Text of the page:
HMNZS Killegray (Source Heritage New Zealand)
Historic photo highlights reality of Fortress Northland
A striking photograph that serves as a reminder of Northland’s importance as a first line of defence against enemy invasion during World War II has surfaced as a result of a heritage inventory being undertaken by two Northland volunteers.
Jack Kemp and Dr Bill Guthrie, who have spent almost two years identifying and recording military places associated with World War II in Northland as volunteer researchers for Heritage New Zealand Pouhere Taonga, discovered the image while carrying out interviews with people who served in Northland during the War and their descendants.
One of the interviewees, Kevin Hall, is a collector of photos associated with the history of the Far North – including the black and white photo of HMNZS Killegrayclearing sea mines in the Bay of Islands.
“There’s something quite confronting about this picture which captures these deadly mines bobbing in the water, with the Bay of Islands’ distinctive Ninepin Rock – or Tikitiki – on the horizon,” says Heritage New Zealand’s Northland Manager, Bill Edwards.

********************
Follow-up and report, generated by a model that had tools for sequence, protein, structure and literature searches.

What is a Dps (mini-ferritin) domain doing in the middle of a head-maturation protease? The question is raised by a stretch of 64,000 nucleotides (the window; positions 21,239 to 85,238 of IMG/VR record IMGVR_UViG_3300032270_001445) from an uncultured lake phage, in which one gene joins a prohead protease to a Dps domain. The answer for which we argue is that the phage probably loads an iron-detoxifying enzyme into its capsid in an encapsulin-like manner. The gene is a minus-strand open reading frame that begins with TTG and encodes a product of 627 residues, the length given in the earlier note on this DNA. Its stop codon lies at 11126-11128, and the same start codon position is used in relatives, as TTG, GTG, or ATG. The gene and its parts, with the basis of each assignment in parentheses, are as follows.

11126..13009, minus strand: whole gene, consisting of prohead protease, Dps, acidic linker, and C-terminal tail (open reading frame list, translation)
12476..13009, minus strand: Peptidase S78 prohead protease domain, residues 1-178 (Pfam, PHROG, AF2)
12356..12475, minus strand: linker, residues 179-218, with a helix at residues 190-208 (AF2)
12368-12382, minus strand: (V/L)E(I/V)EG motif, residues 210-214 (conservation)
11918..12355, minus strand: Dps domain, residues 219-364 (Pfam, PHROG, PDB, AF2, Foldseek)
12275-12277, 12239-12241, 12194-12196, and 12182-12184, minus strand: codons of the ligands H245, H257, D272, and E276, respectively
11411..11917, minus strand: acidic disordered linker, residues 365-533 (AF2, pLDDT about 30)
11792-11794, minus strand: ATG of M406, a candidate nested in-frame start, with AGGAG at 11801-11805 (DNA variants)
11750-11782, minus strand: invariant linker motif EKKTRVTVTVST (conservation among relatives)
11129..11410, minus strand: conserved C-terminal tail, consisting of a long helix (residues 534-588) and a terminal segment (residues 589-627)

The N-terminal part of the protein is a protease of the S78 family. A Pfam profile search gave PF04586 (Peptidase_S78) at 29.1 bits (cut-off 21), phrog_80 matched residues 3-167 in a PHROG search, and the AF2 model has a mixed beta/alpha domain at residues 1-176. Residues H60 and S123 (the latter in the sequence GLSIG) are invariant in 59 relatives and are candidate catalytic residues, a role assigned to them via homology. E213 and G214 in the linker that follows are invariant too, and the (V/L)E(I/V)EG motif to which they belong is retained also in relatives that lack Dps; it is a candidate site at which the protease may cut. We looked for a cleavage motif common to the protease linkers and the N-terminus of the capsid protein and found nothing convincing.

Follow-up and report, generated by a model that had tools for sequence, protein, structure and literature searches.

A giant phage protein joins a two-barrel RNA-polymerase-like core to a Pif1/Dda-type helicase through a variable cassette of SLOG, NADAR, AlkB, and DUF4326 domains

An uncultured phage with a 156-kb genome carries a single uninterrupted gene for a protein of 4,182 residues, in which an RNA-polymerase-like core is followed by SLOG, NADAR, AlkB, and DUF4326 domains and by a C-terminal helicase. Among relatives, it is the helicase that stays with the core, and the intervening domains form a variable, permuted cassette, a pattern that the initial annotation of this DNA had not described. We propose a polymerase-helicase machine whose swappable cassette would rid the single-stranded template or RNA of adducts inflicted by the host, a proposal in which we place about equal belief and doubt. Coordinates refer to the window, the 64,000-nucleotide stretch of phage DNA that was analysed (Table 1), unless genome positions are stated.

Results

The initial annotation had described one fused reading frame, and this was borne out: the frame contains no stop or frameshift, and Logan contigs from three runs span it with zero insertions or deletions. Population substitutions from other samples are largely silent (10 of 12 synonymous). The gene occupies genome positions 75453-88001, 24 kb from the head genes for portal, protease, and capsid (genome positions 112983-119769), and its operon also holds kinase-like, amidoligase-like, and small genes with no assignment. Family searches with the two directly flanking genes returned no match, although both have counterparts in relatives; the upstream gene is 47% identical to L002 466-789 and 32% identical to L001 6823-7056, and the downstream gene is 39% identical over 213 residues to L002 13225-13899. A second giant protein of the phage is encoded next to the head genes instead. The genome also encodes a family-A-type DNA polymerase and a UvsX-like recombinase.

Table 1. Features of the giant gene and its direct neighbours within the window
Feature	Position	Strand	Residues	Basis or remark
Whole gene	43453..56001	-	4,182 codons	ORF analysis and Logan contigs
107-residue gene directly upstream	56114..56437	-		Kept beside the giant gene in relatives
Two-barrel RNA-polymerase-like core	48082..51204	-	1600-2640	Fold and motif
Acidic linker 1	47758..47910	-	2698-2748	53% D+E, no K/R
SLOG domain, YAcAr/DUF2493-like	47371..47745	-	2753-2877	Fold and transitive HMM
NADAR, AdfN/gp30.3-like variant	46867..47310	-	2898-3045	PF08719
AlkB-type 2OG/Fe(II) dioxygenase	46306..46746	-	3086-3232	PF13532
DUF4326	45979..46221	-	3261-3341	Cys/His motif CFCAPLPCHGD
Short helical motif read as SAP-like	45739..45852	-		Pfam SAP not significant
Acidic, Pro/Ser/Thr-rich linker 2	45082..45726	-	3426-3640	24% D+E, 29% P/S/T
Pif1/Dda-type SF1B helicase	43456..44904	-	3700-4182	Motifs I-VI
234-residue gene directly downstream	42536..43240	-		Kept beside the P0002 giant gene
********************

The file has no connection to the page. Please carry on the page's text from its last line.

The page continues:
“It’s a seascape loved by thousands of visitors – and yet here we see a bunch of mines floating in the water where many of us enjoy recreational water activities today. It’s a stark reminder that Northland was a fortress on high alert against attack after the bombing of Pearl Harbour.”
The photo was taken by Tudor Collins, who served as a petty officer in the Royal New Zealand Navy during the war. Prior to this, Collins had developed a reputation as a noted freelance who was one of the first photographers in Napier after the Hawke’s Bay earthquake of 1931. He also recorded Auckland’s Queen Street riots in 1932, and was the only photographer to meet the passengers and crew from the mined Niagrain June 1940.
“Despite the military purpose of Collins’ photo, it’s as much an example of New Zealand social history as his pre-war work,” says Bill.
The mines depicted may have been part of a network of 13 loops of 16 contact mines in the channel between Moturoa and Moturua Islands, or more likely some of the 258 contact mines laid in three lines between Ninepin Rock and Whale Rock.
Further north, the Whangaroa Harbour was protected from seaborne invasion by a line of 30 mines across the entrance to the harbour which would have been activated from a Controlled Mining Station.